Ana Maria Moise is a clinical nutritionist with expertise in functional foods as preventative and therapeutic medicine. She counsels patients on dietary strategies for treating gastrointestinal disorders, eating disorders, metabolic disorders, heart disease, autoimmune conditions, and other chronic illnesses.

She is the author of The Gut Microbiome: Exploring the Connection between Microbes, Diet, and Health, published in 2017. She is committed to translating current medical research, making it more accessible to the general public. She leads workshops on nutrition and gastrointestinal health, plant-based diets, and a mindful eating approach to weight management.

She practices at 52 Center Street in Northampton, MA and 306 High Street in Greenfield, MA. 

Find more information at or register to attend her NOFA/Mass event “Cultivate a Healthy Microbiome” on June 13, 2019.

What is your interest/career in the food system?

Practicing nutrition in a clinical setting provides a wonderful opportunity to integrate knowledge of local nutrient-dense foods. The modern diet is often devoid of biodiversity. Incorporating more complex plant foods in the diet improves health and promotes longevity. My fascination with local and specifically indigenous plant foods stems from the understanding that whole plants promote gut health and, in turn, helps prevent disease. Increasing our diversity of whole plant foods, as we see in more traditional diets, supports the diversity of microbes living within the gut. These gut microbes are a key component to managing inflammation in the body and reducing the risk of chronic disease. 

Why do you love local, organic food?

When I moved to Western Massachusetts, I quickly developed an interest in indigenous cultures and medical anthropology. As I learned about chronic diseases typically seen only in modern Western cultures, I became interested in the role of diet and lifestyle in the development of these so called “diseases of civilization”. Traditional cultures that subsist on locally grown foods tend to have much lower rates of metabolic diseases like obesity and type 2 diabetes, autoimmune disorders, heart disease, cancer as well as neurodegenerative diseases like Alzheimers and Parkinson’s. Research points to the importance of local plant foods within these traditional diets because they contain complex carbohydrates that serve as prebiotics – foods that feed our probiotic microbes. The modern Western diet is lacking in diversity of complex plant foods and researchers believe this is starving gut microbes, lowering their diversity, and thus promoting a disease-state within the body. Integrating local produce and increasing the variety of local plants in one’s diet is a wonderful way to increase prebiotics and improve gut health.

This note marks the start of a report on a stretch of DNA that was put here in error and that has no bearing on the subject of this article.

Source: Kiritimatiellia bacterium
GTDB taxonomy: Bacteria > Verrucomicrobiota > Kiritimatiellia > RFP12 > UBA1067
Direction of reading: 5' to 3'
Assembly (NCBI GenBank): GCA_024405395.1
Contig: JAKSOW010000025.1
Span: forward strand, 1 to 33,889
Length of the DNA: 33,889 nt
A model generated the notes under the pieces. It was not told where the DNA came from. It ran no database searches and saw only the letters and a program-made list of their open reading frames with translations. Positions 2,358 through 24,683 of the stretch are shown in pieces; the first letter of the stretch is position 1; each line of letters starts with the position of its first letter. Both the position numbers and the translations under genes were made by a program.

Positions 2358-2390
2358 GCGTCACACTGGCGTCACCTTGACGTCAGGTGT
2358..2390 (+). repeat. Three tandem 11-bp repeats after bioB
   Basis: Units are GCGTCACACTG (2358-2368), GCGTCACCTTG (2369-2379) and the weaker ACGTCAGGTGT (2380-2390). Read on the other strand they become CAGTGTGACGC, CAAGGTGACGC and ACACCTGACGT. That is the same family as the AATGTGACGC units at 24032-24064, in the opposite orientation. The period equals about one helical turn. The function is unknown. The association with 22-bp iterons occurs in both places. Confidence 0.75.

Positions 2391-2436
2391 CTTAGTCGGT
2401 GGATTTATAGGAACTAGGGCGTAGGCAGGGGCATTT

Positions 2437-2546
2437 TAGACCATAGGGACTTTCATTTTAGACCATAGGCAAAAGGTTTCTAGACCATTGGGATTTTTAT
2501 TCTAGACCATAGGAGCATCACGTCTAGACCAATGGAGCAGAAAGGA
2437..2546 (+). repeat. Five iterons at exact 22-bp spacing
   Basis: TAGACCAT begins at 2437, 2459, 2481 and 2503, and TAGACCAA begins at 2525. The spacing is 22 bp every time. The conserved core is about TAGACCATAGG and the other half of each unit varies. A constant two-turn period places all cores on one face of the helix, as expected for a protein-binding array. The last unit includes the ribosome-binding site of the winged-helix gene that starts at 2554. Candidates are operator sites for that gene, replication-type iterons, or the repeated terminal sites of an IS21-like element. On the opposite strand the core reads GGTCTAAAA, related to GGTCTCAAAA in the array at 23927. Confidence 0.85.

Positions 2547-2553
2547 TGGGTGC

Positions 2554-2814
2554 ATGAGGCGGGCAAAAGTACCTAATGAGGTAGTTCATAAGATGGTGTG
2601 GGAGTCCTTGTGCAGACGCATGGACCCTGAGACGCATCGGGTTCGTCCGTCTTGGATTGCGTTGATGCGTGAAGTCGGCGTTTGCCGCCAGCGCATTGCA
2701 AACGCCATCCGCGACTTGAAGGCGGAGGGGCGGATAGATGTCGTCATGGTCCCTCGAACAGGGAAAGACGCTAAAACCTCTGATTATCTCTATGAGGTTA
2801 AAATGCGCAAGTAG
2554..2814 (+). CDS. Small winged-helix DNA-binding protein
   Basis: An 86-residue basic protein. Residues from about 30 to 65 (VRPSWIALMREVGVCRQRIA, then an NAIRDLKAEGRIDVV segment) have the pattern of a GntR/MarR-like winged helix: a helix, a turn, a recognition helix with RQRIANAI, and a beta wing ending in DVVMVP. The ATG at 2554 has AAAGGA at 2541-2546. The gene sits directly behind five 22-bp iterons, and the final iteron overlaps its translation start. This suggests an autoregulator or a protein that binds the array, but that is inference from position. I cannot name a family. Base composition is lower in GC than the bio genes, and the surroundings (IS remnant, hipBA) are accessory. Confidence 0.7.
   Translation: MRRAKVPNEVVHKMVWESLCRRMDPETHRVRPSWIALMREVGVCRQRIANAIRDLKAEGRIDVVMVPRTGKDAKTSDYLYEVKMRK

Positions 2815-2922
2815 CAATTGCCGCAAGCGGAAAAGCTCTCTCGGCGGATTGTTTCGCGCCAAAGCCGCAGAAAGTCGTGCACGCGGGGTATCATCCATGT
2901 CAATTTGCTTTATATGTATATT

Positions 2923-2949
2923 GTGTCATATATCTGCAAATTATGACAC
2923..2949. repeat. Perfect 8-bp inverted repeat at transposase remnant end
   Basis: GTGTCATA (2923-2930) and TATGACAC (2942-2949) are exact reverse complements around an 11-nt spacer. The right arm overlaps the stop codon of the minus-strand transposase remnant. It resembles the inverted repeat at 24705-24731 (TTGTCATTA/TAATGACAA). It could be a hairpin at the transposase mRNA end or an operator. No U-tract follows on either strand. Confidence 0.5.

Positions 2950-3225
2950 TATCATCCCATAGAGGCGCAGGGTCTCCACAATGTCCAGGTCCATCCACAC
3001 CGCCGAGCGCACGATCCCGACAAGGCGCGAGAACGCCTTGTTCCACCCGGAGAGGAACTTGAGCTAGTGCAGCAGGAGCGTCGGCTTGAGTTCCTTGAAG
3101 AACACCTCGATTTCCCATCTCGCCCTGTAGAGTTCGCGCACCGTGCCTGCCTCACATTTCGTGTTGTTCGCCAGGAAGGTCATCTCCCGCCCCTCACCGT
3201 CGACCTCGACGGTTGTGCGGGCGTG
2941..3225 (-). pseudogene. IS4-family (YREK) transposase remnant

Are there any native local foods that you recommend for promoting gut health?

Prebiotics are found in a variety of whole plant foods including beans, legumes, onion, garlic, dandelion greens, as well as tubers like jicama and Jerusalem artichoke. Tubers are underground vegetables that are still seen as stables in modern-day hunter-gatherer diets. The Jerusalem artichoke, or Sunchoke, is a native North American tuber and was part of the indigenous diet. 

The Jerusalem artichoke, or Sunchoke, is a native North American tuber and was part of the indigenous diet.

Dandelion greens with Jerusalem Artichoke for the Microbiome


  • 2 cups organic dandelion greens
  • 1 medium organic Jerusalem artichoke
  • 1 medium organic radish
  • 1 Tbs chopped organic green onion
  • 1 Tbs chopped organic green garlic
  • ¼ cup organic bean sprouts
  • Salad dressing of choice


Rinse and chop all vegetables.  Toss and enjoy!

Lemony Asparagus and Spring Pea Salad with Roasted Almonds

Photo credit: Sam Jones/Quinn Brein

F.O.O.D. Focus on the Organic Difference

vol. 15 May 31, 2019

Recipe derived from The Old Farmer’s Almanac

Compiled by Celia Dolan for The Organic Food Guide and NOFA/Mass

Spring has finally arrived and our favorite local crops are back in season!  Asparagus shoots are awakening, rising up from the soil, and making an appearance at farm stands and farmer’s markets.  Like many consumers in New England, we are excited to snatch up these power-packed veggies and boil, grill, sauté, steam, or roast them – or even eat them raw.  As asparagus becomes a seasonal staple on many people’s dining room tables this spring, we thought we’d share some nutritional information, benefits of eating local, organic asparagus, and fun facts about this spring-time treasure.

Why Local and Organic?

Locally and organically grown asparagus, like other sustainably produced foods, offer environmental, economic, social, and health advantages.  According to a 2015 study, over 90% of American asparagus is imported, and asparagus farmers are experiencing the negative effects of the declining demand for American-grown asparagus.  By purchasing American-grown asparagus, especially locally grown varieties in New England, consumers support their local farmers and economy, and protect farmland and greenspace in their area.  Local veggies also have lower emissions, thereby reducing environmental contamination and impacts of climate change.